"Sometimes I get up in the morning and wonder who we’re going to offend today," said a Senior Diplomat from the USState Department in an Agence France Presse article yesterday.
Those words are not surprising. Just two months into his term, President George W. Bush and his administration havesucceeded in angering nearly every country in the world, on issues ranging from the arrogance and aggression of theUS military, to the privileging of US business interests over the 100 countries concerned about global warming.
It all began on President Bush’s first day in office, when he withdrew federal funding for international women’sclinics that provide information on abortions, which angered many countries.
Then came the Bush administration’s rapid pursuit of a national missile defense system, which Russia, China, and theEU strongly oppose. Then there was the espionage row with Russia that will see 100 US and Russian diplomats expelledfrom the two countries by summer.
In March, Bush stunned South Korea when he essentially repudiated peace-making efforts with North Korea.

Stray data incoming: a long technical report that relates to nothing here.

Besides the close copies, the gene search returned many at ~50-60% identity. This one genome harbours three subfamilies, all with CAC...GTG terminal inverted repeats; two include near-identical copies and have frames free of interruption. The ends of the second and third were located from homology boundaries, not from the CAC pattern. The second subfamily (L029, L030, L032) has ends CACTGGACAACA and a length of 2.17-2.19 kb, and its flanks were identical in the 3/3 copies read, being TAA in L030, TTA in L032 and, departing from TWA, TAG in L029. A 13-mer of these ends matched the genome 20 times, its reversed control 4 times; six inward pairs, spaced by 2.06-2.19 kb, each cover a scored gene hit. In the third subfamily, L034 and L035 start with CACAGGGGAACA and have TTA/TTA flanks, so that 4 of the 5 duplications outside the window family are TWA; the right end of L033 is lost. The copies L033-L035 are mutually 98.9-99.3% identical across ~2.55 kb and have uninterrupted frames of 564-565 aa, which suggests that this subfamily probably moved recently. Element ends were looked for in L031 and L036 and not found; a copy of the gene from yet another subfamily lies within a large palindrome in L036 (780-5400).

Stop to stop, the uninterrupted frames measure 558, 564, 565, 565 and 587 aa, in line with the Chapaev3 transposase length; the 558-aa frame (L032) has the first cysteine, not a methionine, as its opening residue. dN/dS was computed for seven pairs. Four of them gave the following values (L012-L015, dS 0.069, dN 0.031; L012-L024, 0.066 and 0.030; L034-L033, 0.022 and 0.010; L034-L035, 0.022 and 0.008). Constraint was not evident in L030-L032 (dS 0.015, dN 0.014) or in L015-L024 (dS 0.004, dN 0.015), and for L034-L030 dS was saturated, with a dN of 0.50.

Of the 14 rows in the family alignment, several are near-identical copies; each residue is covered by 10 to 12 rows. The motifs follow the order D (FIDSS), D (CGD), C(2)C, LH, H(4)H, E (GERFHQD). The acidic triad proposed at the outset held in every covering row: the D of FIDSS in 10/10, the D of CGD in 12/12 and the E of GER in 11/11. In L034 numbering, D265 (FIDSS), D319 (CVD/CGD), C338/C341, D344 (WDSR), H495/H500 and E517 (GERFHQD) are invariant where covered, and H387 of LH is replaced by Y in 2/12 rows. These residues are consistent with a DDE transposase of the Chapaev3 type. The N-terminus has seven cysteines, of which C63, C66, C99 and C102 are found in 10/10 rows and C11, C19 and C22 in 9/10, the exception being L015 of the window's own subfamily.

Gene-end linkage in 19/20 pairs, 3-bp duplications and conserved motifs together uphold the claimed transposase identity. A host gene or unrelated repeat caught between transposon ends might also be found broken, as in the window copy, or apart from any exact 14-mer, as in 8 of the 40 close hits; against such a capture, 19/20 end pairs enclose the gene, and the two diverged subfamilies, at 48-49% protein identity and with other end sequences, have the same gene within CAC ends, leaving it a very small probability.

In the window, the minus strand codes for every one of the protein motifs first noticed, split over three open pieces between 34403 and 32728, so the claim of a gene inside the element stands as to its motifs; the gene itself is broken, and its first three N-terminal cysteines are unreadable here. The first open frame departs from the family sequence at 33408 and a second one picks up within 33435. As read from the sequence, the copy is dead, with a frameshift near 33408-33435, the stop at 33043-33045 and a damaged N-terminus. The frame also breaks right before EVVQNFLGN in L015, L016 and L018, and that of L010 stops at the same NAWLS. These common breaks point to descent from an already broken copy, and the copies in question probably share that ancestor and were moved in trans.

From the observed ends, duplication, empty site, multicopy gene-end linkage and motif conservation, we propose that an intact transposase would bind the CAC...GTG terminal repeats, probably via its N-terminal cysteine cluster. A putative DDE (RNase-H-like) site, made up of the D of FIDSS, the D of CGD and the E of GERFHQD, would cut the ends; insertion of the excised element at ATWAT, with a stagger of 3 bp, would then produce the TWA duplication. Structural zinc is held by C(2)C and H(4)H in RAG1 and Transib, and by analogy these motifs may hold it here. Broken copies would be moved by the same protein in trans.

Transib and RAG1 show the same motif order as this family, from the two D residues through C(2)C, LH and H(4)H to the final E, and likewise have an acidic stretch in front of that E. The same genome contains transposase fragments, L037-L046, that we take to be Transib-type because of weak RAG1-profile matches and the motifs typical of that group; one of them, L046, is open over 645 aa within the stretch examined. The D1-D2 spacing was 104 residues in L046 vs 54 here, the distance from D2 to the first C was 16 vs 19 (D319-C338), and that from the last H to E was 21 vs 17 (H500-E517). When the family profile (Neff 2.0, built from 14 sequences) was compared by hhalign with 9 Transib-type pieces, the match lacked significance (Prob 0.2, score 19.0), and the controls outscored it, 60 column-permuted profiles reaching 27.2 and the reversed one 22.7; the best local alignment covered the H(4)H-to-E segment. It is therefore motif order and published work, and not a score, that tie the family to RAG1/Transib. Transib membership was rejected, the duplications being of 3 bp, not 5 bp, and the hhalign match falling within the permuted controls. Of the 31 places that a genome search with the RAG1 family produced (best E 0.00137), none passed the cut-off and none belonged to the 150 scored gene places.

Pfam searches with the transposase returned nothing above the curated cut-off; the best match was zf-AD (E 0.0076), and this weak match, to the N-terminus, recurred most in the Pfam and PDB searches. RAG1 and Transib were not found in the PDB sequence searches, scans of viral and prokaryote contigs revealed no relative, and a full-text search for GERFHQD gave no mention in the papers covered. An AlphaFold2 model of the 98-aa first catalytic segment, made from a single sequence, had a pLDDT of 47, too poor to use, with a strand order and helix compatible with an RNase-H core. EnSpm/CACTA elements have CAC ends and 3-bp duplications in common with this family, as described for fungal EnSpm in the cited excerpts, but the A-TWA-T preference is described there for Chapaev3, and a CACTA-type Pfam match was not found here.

Around the same time, a nuclear-powered submarine surfaced under a Japanese training vessel, killing 9 people onboard, including 4 high school students. And just a few days ago, relations with Japan were further strained when aUS nuclear submarine made an unannounced port call in Japan. The incident was the first-ever violation of a pactthat requires US military authorities to give 24-hour advance notice before the arrival of a nuclear-powered sub in aJapanese port.
Last week, Bush reversed a campaign pledge and announced that the US would not abide by the Kyoto Protocol, thetreaty on global warming that over 100 countries signed in Japan in 1997. Countries around the world reacted withoutrage.
And now, tensions with China have escalated over the collision of a US spy plane with a Chinese fighter jet offChina’s coast.
China has demanded both an apology and an end to US surveillance flights off China’s coast. But Secretary of StateColin Powell said that Washington had no intention of apologizing, and a Pentagon spokesman said that the US wasunlikely to stop the flights.
- Noam Chomsky, Professor of Linguistics at the Massachusetts Institute of Technology, political analyst andauthor of numerous books on US foreign policy.
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